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Publication numberUS20050052575 A1
Publication typeApplication
Application numberUS 10/935,875
Publication dateMar 10, 2005
Filing dateSep 8, 2004
Priority dateSep 10, 2003
Also published asUS7321397
Publication number10935875, 935875, US 2005/0052575 A1, US 2005/052575 A1, US 20050052575 A1, US 20050052575A1, US 2005052575 A1, US 2005052575A1, US-A1-20050052575, US-A1-2005052575, US2005/0052575A1, US2005/052575A1, US20050052575 A1, US20050052575A1, US2005052575 A1, US2005052575A1
InventorsNigel Seth-Smith
Original AssigneeSeth-Smith Nigel James
Export CitationBiBTeX, EndNote, RefMan
External Links: USPTO, USPTO Assignment, Espacenet
Composite color frame identifier system and method
US 20050052575 A1
Abstract
A color frame identifier circuit generates a pseudo-subcarrier signal and compares the pseudo-subcarrier signal to a sliced color burst of at least one selected line in a video frame. Based on this comparison, a processing circuit determines the color frame.
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Claims(21)
1. A color frame identifier circuit, comprising:
a pseudo-subcarrier generator circuit configured to receive a reference clock and a first reference signal and generate a pseudo-subcarrier signal at a pseudo-subcarrier frequency based on the reference clock and at a set phase relative to the first reference signal;
a color burst slicer circuit configured to slice a color burst signal of a composite video signal at a reference voltage and generate a sliced burst signal;
a correlation circuit configured to receive the sliced burst signal and the pseudo-subcarrier signal and generate burst comparison value for each sliced burst signal; and
a processing circuit configured to receive the burst comparison value for each sliced burst signal and generate a color frame identifier signal based on the sliced burst signals.
2. The color frame identifier circuit of claim 1, further comprising:
a window generator circuit configured to receive the reference clock and the first reference signal and generate a window signal relative to the first reference signal.
3. The color frame identifier circuit of claim 2, wherein the window generator circuit is further configured to receive a second reference signal and generate the window signal additionally relative to the second reference signal.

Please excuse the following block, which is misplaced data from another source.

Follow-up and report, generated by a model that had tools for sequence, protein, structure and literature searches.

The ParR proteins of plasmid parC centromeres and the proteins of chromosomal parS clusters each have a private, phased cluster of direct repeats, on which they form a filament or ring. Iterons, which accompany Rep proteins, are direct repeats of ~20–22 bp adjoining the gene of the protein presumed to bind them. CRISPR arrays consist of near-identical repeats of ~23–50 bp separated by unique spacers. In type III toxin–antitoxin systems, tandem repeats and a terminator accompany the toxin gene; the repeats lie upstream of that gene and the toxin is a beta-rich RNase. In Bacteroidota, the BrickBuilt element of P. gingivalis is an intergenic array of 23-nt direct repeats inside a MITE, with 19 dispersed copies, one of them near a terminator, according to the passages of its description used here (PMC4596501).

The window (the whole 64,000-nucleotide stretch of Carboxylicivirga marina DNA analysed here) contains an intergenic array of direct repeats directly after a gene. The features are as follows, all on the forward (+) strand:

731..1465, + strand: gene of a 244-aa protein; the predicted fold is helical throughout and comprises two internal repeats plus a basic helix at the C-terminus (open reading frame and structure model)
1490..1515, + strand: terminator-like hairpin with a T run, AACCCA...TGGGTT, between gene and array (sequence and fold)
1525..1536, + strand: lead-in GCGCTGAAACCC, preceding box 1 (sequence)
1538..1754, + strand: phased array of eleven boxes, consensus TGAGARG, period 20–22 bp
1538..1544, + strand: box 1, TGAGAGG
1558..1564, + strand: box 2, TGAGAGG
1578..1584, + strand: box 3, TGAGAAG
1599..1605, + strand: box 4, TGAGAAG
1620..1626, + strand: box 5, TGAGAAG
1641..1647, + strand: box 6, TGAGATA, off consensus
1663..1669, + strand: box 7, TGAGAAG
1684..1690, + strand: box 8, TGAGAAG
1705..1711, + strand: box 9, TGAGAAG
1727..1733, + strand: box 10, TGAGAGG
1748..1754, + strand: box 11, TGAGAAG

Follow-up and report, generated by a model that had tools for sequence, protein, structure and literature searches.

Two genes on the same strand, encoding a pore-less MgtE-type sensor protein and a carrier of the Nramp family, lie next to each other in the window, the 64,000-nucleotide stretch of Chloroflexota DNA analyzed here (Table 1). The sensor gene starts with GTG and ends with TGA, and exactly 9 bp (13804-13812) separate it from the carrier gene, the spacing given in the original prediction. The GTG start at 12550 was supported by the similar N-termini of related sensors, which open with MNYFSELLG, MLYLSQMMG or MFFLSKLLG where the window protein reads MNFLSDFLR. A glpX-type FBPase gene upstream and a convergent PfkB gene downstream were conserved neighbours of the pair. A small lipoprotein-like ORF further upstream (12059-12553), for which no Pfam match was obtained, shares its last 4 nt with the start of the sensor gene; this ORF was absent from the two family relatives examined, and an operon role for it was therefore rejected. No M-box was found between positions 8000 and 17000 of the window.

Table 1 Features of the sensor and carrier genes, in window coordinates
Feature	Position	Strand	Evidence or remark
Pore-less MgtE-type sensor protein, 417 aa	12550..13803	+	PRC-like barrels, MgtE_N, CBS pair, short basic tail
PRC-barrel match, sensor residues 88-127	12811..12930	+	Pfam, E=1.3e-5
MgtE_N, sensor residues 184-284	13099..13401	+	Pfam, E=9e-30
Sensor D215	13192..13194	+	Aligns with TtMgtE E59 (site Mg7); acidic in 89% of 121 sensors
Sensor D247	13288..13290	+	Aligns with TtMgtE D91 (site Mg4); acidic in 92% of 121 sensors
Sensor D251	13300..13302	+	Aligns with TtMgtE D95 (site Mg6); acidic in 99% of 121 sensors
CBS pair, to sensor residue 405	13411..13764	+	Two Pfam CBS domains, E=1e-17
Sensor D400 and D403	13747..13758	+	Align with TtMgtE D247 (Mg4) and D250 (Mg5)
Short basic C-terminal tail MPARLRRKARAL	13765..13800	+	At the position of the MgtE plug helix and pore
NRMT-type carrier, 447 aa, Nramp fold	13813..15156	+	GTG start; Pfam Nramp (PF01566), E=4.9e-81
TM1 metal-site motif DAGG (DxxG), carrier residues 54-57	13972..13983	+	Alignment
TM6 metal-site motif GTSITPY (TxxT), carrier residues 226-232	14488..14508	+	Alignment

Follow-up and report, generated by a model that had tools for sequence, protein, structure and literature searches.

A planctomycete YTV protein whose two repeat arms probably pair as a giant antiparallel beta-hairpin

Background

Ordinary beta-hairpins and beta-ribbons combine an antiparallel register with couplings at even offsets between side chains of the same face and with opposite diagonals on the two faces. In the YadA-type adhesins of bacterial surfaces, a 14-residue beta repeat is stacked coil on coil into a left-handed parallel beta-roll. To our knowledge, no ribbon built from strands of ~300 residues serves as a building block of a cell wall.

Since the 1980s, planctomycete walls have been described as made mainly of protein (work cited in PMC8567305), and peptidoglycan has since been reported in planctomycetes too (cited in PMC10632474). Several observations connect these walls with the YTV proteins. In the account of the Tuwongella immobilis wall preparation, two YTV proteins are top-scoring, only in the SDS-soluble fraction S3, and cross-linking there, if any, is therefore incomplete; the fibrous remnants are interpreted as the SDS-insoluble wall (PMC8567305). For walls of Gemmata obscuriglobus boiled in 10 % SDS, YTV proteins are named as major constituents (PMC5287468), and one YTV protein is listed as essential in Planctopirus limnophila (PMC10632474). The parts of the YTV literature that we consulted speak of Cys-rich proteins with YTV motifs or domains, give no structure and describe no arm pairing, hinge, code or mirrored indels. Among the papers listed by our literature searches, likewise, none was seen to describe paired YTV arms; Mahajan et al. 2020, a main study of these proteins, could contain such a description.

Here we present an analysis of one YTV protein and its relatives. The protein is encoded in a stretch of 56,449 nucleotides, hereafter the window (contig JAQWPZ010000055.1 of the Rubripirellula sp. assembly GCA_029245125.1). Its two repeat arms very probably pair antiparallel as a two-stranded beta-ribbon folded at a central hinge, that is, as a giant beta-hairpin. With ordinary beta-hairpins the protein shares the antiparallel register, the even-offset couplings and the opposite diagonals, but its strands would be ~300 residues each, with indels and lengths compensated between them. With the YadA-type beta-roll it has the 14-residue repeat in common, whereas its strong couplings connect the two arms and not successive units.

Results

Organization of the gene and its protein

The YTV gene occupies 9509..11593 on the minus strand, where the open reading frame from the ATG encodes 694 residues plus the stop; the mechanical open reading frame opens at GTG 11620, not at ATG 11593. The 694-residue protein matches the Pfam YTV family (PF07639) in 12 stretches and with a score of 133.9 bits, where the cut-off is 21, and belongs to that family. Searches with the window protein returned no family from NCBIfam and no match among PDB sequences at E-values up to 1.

4. The color frame identifier circuit of claim 3, wherein the first reference signal comprises a horizontal sync pulse of a composite video signal comprising a plurality of lines that define a video frame, and the second reference signal comprises a vertical sync pulse of the composite video signal.
5. The color frame identifier circuit of claim 4, wherein the window generator is further configured to generate the window signal for at least one selected line in each video frame.
6. The color frame identifier circuit of claim 5, wherein the composite video signal comprises an NTSC television signal.
7. The color frame identifier circuit of claim 5, wherein the composite video signal comprises a PAL television signal.
8. The color frame identifier circuit of claim 1, wherein the pseudo-subcarrier generator circuit is further configured to select the pseudo-subcarrier frequency by setting the pseudo-subcarrier frequency to an approximate frequency of the color burst signal.
9. The color frame identifier circuit of claim 8, wherein the pseudo-subcarrier generator circuit comprises a ring oscillator.
10. The color frame identifier circuit of claim 1, wherein the correlation circuit comprises an exclusive OR gate configured to receive the pseudo-subcarrier signal and the sliced burst signal as input.
11. The color frame identifier circuit of claim 10, wherein the correlation circuit further comprises an accumulator configured to receive the output of the exclusive OR gate and generate a corresponding output.
12. The color frame identifier circuit of claim 1, wherein the first reference signal comprises a horizontal sync pulse of a composite video signal comprising a plurality of lines defining a video frame, and the pseudo-subcarrier generator circuit generates the pseudo-subcarrier signal at the set phase relative to the horizontal sync pulse.
13. The color frame identifier circuit of claim 12, wherein the pseudo-subcarrier generator circuit generates the pseudo-subcarrier signal at the set phase relative to the horizontal sync pulse by selecting a first set phase a first line in the video frame and a second set phase for a second line in the video frame.
14. The color frame identifier circuit of claim 4, wherein the pseudo-subcarrier generator circuit generates the pseudo-subcarrier signal at the set phase relative to the horizontal sync pulse by selecting a first set phase for a first line in the video frame and a second set phase for a second line in the video frame.
15. The color frame identifier circuit of claim 1, wherein the reference clock is a 27 MHz reference clock.
16. A method of processing a television video signal, comprising:
generating a pseudo-subcarrier signal at a pseudo-subcarrier frequency based on a reference clock and at a set phase relative to a first reference signal in the video signal;
slicing a color burst signal of the television video signal to generate a sliced burst signal;
comparing the sliced burst signal and the pseudo-subcarrier signal;
generating a comparison signal for each comparison of the sliced burst signal and the pseudo-subcarrier signal; and
generating a color frame identifier signal based on the generated comparison signals.
17. The method of claim 16, further comprising:
generating a window signal relative to the first reference signal; and
comparing the sliced burst signal and the pseudo-subcarrier signal only during the window signal.